After a trip to New Haven in the late 1800s, historian Herbert Baxter Adams came back to Johns Hopkins University with a sense of inspiration. He'd spent time at the Yale Graduates Club, a private social hub for alumni and graduate students there, and he wanted to replicate the model at Hopkins. Adams believed a central gathering spot, a place for conversation and drinks and dining, could serve as an antidote for the isolating effects of academic research.
Adams' vision persists today in the Johns Hopkins Club, a stately Georgian building on the grounds of the Homewood campus that showcases elegant dining rooms, social lounges, and a spiraling marble staircase. But today the membership-based social club, like many of its counterparts across the country, is facing something of an identity crisis.
Steeped in tradition, and catering primarily to an older clientele, university clubs—and moreover, private clubs in general—are struggling with unprecedented declines in membership numbers and revenue. It's widely understood that the key to survival will be attracting new, and particularly younger, members.
At the Hopkins Club, the majority of the 3,000-some members today are over 60 years old, according to Cem Baraz, the club's longtime general manager. While the club wants to maintain and satisfy that support base, it's also critical to develop new strategies for boosting membership, he says.
To that end, the Hopkins Club has been proactively making a number of changes, from a newly launched website to extensive physical renovations and a plate of offerings catering to the 40-and-under set. "We're trying new things to create more excitement," says Baraz.
It's a mindset university clubs across the country are embracing by necessity, says John LaRocca, president of the board of the Association of College and University Clubs. LaRocca says he's seen clubs innovate their offerings, testing out "functions that excite and interest a wide variety of members" like wine tastings and farm-to-table seminars.
At the Hopkins Club, the events calendar now includes options such as painting-and-wine parties and cooking demonstrations, in addition to traditional events such as Mother's Day luncheons and a "Lunch and Lecture" series. (A few years ago, at the initiation of university President Ronald J. Daniels, the club also started offering Jazz at the Johns Hopkins Club in conjunction with the Peabody Institute.)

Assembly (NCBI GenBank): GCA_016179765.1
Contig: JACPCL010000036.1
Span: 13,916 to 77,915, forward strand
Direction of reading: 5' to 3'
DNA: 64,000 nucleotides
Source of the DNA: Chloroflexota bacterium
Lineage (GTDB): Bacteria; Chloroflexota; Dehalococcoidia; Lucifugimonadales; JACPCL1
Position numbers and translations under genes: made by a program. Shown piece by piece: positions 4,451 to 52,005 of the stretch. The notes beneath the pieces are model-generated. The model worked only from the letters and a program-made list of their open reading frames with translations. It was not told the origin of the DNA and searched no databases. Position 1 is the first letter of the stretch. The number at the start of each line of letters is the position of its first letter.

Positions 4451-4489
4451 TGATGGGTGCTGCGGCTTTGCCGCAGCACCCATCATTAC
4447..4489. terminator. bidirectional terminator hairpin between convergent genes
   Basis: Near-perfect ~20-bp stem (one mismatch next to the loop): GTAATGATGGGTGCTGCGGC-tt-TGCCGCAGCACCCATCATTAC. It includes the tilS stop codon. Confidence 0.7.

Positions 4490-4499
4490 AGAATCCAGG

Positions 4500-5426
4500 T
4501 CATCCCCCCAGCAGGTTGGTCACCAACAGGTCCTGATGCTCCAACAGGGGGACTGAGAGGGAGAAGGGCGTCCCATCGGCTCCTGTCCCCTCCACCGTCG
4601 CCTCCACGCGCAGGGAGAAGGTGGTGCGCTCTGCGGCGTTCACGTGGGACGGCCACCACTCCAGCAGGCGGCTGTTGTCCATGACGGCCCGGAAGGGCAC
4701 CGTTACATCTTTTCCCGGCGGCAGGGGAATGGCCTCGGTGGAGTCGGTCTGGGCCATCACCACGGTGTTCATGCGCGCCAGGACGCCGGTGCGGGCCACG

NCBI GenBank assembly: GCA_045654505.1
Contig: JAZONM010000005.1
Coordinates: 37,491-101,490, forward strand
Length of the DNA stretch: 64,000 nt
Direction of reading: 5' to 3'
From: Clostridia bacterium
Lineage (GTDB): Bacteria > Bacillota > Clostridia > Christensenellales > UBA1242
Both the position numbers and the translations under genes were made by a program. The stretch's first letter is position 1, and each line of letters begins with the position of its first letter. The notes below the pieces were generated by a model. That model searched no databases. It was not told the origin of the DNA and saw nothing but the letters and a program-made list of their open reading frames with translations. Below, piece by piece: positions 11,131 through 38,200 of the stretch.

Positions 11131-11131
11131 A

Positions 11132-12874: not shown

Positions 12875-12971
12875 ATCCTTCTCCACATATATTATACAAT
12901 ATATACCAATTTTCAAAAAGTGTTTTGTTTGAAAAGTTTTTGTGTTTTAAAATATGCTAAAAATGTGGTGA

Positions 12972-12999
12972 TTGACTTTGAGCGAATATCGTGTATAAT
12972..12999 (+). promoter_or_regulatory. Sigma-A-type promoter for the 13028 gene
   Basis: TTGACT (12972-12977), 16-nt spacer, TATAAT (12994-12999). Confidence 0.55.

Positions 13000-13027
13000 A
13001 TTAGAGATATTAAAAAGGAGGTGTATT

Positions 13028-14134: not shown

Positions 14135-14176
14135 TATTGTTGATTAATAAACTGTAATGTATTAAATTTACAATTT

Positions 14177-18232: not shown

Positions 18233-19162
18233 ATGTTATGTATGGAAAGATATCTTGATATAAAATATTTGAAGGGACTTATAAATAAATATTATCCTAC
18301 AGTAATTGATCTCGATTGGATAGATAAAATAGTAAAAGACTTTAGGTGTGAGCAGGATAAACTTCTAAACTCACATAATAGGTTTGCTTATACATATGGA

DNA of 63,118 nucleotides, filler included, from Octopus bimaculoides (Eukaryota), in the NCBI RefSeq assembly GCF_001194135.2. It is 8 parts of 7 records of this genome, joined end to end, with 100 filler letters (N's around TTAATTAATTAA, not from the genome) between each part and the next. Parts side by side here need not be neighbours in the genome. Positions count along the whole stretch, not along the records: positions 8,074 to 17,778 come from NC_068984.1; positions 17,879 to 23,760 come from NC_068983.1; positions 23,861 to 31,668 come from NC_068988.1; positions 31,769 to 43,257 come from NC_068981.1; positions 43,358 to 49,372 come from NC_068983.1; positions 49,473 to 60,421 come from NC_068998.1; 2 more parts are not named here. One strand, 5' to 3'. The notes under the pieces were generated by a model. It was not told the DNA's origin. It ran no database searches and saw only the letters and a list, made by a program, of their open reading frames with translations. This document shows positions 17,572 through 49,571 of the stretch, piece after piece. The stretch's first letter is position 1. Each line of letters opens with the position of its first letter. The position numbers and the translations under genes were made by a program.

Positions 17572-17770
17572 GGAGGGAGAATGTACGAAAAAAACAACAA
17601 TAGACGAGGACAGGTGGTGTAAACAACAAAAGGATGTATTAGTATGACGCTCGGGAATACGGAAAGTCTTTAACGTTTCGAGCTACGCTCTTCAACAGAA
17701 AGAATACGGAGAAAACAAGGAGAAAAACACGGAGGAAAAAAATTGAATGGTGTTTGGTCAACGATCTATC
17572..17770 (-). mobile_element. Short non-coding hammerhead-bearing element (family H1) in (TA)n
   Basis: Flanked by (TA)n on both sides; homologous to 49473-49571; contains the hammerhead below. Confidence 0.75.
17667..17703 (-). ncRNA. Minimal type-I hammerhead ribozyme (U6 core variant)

The club is also trying to keep up a fresh appearance, spending $500,000 in interior upgrades in recent years, according to Baraz. That includes a few planned for this August: improvements to the club's lower-level lobby and dining rooms, and a new bar area in the porch of the taproom. (Starting this fall, the taproom also will be opening for new Saturday hours.)
To reduce the barriers to membership, the club has also restructured some options for joining and dues. Effective July 1, there's an expanded "primary member" category open to those under 40 (it used to be 30), with an initiation fee of $230 and annual dues at the same cost. That age group will also get another new option: paying annual dues of $125 for the reduced "luncheon membership," especially useful for those frequenting the Homewood campus.
Behind the curtain of many of these recent changes is a new marketing director, Lindsay Sawyers, who came to Hopkins with experience in advertising work for the WBAL radio station and event planning. She started in the newly created position last fall.
Sawyers, herself a millennial, says her goals include increasing the club's social media presence and introducing new technologies. The new website allows for online membership sign-ups, dues payments, and event reservations. The site also includes an interactive events calendar and options for posting pictures.
Sawyers acknowledges that updating the 1899-created club to new tastes can be a tricky balancing act. "Older individuals, including baby boomers, form a massive customer base and are a vital group to reach, while young professionals, including the millennials, are the next big doers and leaders and are the largest generation yet," she says. "Neither group can be ignored."
LaRocca at the Association of College and University Clubs notes that of all types of clubs (including country clubs, city clubs, and tennis clubs) facing financial and membership dilemmas right now, "university clubs actually are in a little better position because there is a built-in audience" with faculty, staff, and alumni.
And the age-old purpose of the university club--for social interaction--still holds relevance today for some younger members. Chris Brown, a 34-year-old member of the Hopkins Club, says he joined precisely for that reason. "I want to connect with past graduates and essentially network and bounce ideas off each other," says Brown, who earned his master's degree in real estate development at the Carey Business School in 2012.
Brown says he visits the club a handful of times a year, mostly to eat lunch or dinner, and appreciates that he can establish a social base there. "It's not like a restaurant, where you're just in and out," he says.
For more information about the Johns Hopkins Club, click here or email email@example.com.